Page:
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To Reduce Crime, Tijuana Disarms Police

By Ruben Navarrette

TIJUANA, Mexico -- They say law enforcement in a Mexican border town isn't child's play.

You could have fooled me. Cops in this city are now using slingshots to ward off drug dealers, kidnappers, thieves, murderers and other bad hombres. Some of the officers rely on marbles for ammo; others may have to use rocks. And this is considered high-tech. According to the Mexican media, some members of the 2,300-officer Tijuana police department have recently apprehended suspects using nothing more than baseball bats.

This will be good for a few chuckles from those Americans who like to feel superior to their little brother to the south. I've never understood the need. So you're threatened by competition, globalization, stagnant wages and job losses. At least you can take comfort in the fact that you're better off than people in a Third World country with a second-rate economy. Big deal.

This is a city is where Americans go to suspend the rules. For the 16-year-old who can't wait to set foot into a bar, or the 60-year-old who wants affordable drugs without having to go to a doctor for a prescription, Tijuana -- or as the Americans say, "Tia-wana'' -- aims to please. Service with a smile. No questions asked. Is it any wonder that the trend caught on and that the residents of this teeming metropolis find themselves living without rules -- just as surely as their police officers are without guns?

That's right. The local cops patrolling the streets don't have guns, and they can't get guns because in this city the cops are the bad guys. In what would amount to a constitutional crisis north of the border, federal authorities swooped in a few weeks ago and disarmed the local police. It's all part of Operation Tijuana, in which President Felipe Calderon sent more than 3,000 federal officers and soldiers to help break up the drug trafficking industry in Baja California.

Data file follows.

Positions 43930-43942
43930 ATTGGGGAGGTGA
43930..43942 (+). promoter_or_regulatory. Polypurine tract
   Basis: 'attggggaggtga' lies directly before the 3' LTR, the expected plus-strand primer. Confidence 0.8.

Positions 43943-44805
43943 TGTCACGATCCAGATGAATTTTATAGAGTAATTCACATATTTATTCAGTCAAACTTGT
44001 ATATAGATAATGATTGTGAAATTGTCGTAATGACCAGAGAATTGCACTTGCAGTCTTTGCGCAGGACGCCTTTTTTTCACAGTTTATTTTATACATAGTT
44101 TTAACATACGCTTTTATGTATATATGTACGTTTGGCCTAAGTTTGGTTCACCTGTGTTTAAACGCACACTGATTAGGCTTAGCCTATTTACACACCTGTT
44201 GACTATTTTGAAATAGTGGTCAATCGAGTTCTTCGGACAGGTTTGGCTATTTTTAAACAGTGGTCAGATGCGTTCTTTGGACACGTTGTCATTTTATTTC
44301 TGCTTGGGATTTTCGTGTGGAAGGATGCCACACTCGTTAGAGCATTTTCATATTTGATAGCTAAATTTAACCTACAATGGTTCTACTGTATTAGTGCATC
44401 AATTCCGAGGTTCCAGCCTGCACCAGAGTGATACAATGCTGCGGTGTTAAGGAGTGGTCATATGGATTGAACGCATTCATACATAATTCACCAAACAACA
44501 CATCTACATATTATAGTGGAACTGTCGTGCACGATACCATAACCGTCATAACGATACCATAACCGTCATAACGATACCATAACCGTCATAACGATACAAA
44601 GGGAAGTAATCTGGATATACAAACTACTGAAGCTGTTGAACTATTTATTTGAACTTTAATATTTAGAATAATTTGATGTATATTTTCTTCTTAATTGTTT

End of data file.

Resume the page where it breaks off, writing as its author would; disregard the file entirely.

The initiative wins enthusiastic praise from Baja Gov. Eugenio Elorduy Walther, who has for 40 years been a member of the National Action Party (PAN) that produced Calderon.

"This was something that we knew had to be done,'' Gov. Elorduy said of the effort to disarm local police.

Yet, no government official I spoke to seemed to know if and when the local cops would get their guns back. But everyone seems to agree on this much: There's no hurry. Everywhere you go, people say that, ironically, they've never felt safer. Murders are down. Kidnappings are down. Overall incidents of crime in Tijuana are down 14 percent since the cops were disarmed, said Gov. Elorduy.

Smart guy that Calderon. The Harvard-educated lawyer and economist got it right away. The cops are supposed to protect people from scoundrels. But, in Tijuana, the cops are the scoundrels. And so it falls to the president and federales to protect the people from them.

In Mexico, as in the United States, initiatives that succeed have a thousand fathers. It's only the failures that are orphans. And so Gov. Elorduy made a point of saying that disarming the local police was something that was discussed as early as October by a consortium of mayors and government officials -- himself included.

"This was not something new that came out of the blue from one day to another,'' he insisted.

Perhaps. But what would you expect him to say? The governor and the mayors have run things for years and, during their reign, cops learned to augment their income by preying on the Mexican middle class -- and crime soared. Now, there's a new sheriff in Mexico City and, all of a sudden, the cops are disarmed and crime is going down.

Who do you suppose deserves the credit? It's not rocket science. At least not to Jose Hernandez, a parking lot attendant of sorts who collects $3 per car from travelers who wish to park just a few hundred yards from the border. Hernandez says the city is calmer and middle-class Mexicans walk around with less fear of being nabbed by crooked cops who would hold them until they paid up.

"It's better now that the police aren't arresting so many people," he said. "Calderon is doing a good job."

I can see that. Extortionists are basically bullies. And it's hard to be convincing in that role when all you have at your disposal are a slingshot and a handful of marbles.

(c) 2007, The San Diego Union-Tribune

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